U.S.

Who Is Conrad Black? Donald Trump Pardoned Ex-Media Mogul, Fraudster and Author of 'Donald J. Trump: A President Like No Other'

President Donald Trump on Wednesday granted a full pardon to Lord Conrad Black, a Canadian-born British peer and former media mogul who was convicted in the U.S. of fraud and obstruction of justice.

Black, 74, has held ownership in media titles all over the world, including the U.K.'s Daily Telegraph, Israel's The Jerusalem Post, Australia's Sydney Morning Herald and the U.S.'s  Chicago Sun-Times, among many others. His net worth appeared to have peaked, according to The Sunday Times Rich List, in 2003 at £136 million, about $271 million in today’s money.

Following his original conviction in 2007 for embezzling funds from Hollinger International, the investment firm he ran, and obstructing justice, Black spent three and a half years in a Florida prison. He was released in 2012 following a successful appeal against two of three fraud convictions and deported from the U.S. He now lives in Canada.

“When my assistant said there was a call from the White House, I picked up, said ‘Hello’ and started to ask if this was a prank (suspecting my friends in the British tabloid media), but the caller spoke politely over me: ‘Please hold for the president,’” Black wrote in Canada’s National Post about receiving news of his pardon from Trump.

“‘Two seconds later probably the best-known voice in the world said ‘Is that the great Lord Black?’ I said ‘Mr. President, you do me great honor telephoning me.’ He could not have been more gracious and quickly got to his point: He was granting me a full pardon that would ‘Expunge the bad rap you got.’”

The White House praised Black’s history as a businessman and his authorship of books. Not mentioned by the White House was Black’s 2018 title, Donald J. Trump: A President Like No Other.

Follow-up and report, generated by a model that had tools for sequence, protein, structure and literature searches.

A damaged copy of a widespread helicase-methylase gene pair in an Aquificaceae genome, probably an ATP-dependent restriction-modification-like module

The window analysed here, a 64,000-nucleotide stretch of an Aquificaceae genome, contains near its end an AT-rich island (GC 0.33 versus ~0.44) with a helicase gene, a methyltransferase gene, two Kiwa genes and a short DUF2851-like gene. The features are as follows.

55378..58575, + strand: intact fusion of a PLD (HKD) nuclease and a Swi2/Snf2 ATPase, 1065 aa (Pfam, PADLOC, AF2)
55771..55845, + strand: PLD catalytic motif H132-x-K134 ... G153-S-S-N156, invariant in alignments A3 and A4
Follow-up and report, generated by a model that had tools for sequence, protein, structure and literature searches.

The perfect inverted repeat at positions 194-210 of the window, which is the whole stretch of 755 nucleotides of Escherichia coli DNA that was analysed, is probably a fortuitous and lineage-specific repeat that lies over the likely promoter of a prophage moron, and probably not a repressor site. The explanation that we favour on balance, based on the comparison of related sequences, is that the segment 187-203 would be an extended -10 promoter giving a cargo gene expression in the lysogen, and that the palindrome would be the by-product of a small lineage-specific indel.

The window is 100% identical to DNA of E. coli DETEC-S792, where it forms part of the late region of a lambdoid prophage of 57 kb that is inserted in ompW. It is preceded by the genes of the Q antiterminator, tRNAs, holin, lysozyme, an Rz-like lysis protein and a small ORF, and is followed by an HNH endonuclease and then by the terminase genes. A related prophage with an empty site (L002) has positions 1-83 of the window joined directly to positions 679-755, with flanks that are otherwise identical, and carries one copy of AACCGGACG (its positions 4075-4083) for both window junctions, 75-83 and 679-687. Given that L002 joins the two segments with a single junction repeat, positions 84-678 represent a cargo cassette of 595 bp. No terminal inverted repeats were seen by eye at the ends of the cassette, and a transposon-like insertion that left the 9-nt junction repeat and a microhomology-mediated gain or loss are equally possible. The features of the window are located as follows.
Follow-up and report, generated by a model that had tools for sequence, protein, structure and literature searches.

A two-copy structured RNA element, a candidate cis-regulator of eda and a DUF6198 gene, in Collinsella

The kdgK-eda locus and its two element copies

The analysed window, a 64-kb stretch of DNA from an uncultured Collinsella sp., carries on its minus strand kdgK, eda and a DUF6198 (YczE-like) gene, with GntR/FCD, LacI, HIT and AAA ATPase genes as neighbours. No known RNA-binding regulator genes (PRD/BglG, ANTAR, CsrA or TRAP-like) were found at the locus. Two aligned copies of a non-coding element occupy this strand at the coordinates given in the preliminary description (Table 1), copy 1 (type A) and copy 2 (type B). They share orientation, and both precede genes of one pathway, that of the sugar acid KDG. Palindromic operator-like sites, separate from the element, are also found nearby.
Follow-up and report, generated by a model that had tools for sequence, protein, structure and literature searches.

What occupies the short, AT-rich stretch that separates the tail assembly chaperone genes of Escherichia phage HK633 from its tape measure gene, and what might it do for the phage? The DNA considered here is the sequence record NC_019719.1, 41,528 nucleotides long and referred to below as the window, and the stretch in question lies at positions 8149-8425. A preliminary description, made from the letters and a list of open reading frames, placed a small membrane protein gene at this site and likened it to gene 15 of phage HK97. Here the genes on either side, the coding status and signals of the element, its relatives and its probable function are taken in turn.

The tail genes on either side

“An entrepreneur and scholar, Lord Black has made tremendous contributions to business, as well as to political and historical thought,” the White House statement said.

“Formerly the owner of the world’s then-third largest newspaper, he is the author of several notable biographies and works of history. These include comprehensive biographies of Presidents Franklin D. Roosevelt and Richard M. Nixon, a complete history of Canada, and an impressive essay evaluating how the world would have been different had Japan not attacked Pearl Harbor.

“Lord Black’s case has attracted broad support from many high-profile individuals who have vigorously vouched for his exceptional character. This impressive list includes former Secretary of State Dr. Henry A. Kissinger, Sir Elton John, Rush Limbaugh, the late William F. Buckley, Jr., and many additional notable individuals.

“Consistent with his distinguished reputation for helping others, while in prison, Lord Black served as a tutor for 150 students, helping them achieve their educational goals. In light of these facts, Mr. Black is entirely deserving of this Grant of Executive Clemency.”

Writing in the National Post, Black attributed his fraud conviction to bad luck.

“My long ordeal with the U.S. justice system was never anything but a confluence of unlucky events, the belligerence of several corporate governance charlatans, and grandstanding local and American judges, all fanned by an unusually frenzied international media showing exceptional interest in the case because I was a media owner,” Black wrote.

Black also said he and President Trump bemoaned the “antics” of American prosecutors both men have come into contact with, including special counsel Robert Mueller.

“‘We’ve known each other a long time,’ the president told me, ‘but that wasn’t any part of the reason. Nor has any of the supportive things you’ve said and written about me,’” Black wrote.

“I suggested that he knew ‘better than anyone’ the antics of some U.S. prosecutors. (I had had Robert Mueller as director of the FBI, which we caught installing illegal bugging devices in our home in New York and in many falsehoods; James Comey as deputy attorney-general, and Patrick Fitzgerald, now Comey’s counsel, as U.S. attorney in Chicago. They were all, as my distinguished caller on Monday has described Comey, ‘bad cops.’)”

Donald Trump Pardon Conrad Black Former press magnate Conrad Black, left, and his wife, Barbara Amiel, arrive at federal court for a resentencing hearing on June 24, 2011, in Chicago. President Donald Trump pardoned Black on May 15. Brian Kersey/Getty Images

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